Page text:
The case against a Sunrise man accused of killing a child he was babysitting has taken another turn.
A report released Monday by the Florida Department of Children and Families shows that child-protective officials missed several opportunities to help Phoebe Jonchuck’s troubled family or to intervene in the last days of her life.
Having children reach their 4th birthday—that’s the goal of the #Saferby4 campaign being rolled out across Broward County Monday.
The secretary of the Florida Department of Children and Families told lawmakers Wednesday that the state abuse hotline screened out not one but two calls about potential danger to 5-year-old Phoebe Jonchuck — with the first call a week before her death in the waters of Tampa Bay.
Jorge and Carmen Barahona, accused of brutally killing and beating their adopted daughter, are scheduled to appear in court Friday.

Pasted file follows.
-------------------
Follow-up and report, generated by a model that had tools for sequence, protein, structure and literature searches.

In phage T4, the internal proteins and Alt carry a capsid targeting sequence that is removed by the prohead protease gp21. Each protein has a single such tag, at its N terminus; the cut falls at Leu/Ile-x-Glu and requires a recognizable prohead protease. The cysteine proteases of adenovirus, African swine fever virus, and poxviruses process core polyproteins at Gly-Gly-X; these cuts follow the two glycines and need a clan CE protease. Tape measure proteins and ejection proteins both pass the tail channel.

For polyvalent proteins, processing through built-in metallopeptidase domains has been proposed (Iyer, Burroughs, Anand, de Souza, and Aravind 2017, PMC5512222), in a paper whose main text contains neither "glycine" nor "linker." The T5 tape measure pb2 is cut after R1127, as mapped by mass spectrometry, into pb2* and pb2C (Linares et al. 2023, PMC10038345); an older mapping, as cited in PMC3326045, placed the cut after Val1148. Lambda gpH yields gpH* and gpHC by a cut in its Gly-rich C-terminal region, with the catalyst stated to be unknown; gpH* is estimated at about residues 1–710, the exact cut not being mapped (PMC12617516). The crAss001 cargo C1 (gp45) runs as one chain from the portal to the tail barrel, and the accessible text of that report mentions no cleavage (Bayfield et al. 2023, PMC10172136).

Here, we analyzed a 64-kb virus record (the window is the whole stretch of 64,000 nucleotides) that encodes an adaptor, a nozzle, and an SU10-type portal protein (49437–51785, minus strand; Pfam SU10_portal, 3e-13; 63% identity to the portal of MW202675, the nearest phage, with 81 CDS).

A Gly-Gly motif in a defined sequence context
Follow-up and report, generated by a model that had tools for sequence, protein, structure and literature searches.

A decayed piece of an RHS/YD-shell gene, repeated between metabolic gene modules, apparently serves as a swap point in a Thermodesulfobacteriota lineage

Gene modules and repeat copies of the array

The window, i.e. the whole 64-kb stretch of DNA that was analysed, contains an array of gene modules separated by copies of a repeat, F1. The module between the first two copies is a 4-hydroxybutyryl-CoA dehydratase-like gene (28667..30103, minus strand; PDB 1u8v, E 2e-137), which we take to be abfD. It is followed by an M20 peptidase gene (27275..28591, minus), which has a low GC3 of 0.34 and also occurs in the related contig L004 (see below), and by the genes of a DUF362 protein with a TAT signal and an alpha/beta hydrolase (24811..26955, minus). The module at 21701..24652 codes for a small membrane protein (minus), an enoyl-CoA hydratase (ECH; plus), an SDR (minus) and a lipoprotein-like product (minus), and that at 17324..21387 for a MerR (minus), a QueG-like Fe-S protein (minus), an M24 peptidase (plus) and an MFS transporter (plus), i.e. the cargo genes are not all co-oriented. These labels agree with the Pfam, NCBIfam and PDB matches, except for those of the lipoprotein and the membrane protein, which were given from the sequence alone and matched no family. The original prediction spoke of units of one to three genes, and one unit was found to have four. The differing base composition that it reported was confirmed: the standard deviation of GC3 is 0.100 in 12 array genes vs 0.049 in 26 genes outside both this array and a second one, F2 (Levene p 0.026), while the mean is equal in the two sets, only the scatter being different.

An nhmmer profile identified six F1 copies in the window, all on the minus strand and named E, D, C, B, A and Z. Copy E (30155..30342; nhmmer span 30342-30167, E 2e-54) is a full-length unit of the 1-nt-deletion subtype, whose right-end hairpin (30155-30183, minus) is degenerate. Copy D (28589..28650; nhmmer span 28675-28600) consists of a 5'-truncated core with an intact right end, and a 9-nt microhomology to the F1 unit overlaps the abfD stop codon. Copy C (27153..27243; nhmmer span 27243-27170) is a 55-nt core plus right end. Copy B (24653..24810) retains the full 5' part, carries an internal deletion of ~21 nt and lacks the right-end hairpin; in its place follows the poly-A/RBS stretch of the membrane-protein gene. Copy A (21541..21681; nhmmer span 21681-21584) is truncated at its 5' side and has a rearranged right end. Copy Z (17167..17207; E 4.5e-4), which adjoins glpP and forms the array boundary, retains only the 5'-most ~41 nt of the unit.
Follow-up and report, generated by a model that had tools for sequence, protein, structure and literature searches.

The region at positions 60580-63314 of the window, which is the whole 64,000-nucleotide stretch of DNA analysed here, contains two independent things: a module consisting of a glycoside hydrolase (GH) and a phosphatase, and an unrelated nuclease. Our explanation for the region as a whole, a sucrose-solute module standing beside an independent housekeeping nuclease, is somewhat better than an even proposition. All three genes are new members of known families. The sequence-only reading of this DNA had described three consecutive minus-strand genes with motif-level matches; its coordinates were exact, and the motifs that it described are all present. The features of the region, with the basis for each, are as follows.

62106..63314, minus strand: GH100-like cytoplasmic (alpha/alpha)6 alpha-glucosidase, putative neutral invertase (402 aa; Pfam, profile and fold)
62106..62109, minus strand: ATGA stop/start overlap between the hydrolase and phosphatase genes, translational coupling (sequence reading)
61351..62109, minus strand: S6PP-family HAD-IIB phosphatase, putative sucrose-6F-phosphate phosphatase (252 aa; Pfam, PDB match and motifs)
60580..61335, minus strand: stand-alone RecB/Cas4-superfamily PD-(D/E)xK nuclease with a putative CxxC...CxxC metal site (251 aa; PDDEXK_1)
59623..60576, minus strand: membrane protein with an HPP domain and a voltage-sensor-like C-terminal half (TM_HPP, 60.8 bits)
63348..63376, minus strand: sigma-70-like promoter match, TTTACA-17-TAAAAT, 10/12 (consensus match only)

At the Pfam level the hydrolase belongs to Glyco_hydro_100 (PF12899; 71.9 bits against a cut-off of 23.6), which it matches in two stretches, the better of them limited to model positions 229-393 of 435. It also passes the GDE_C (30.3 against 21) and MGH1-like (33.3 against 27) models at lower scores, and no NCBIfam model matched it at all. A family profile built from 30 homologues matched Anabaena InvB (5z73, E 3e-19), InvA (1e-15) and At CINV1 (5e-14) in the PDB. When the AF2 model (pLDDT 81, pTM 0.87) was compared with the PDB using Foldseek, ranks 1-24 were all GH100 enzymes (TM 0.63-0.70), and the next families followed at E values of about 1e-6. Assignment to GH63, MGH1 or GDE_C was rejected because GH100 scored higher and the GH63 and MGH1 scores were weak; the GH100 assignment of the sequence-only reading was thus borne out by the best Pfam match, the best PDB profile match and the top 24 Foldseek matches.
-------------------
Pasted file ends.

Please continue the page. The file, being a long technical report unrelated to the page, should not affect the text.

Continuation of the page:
Florida’s Department of Children and Families has been notorious for its failures to protect children on its watch. Just this month, in yet the latest tragedy, five year-old Phoebe Jonchuck was thrown to her death from a bridge by her crazed father, despite earlier calls to DCF’s hotline that the man was a danger to his children.
One of the two teenage sweethearts from Kentucky suspected in a crime spree of stolen vehicles and pilfered checks around the South appeared before a judge Monday.
Calls to report human trafficking in the state have more than doubled in the last four years.
The Department of Children and Families (DCF) is promising swift changes in how they respond to potential child abuse cases amid an investigation into the death of a 5-year old thrown from a Florida bridge.
The Florida Department of Children and Families and attorneys for the state’s legislature want to put a hold on a deal to pay nearly four million dollars to settle a lawsuit over the gruesome death of 10-year old Nubia Barahona and the torture of her twin brother Victor.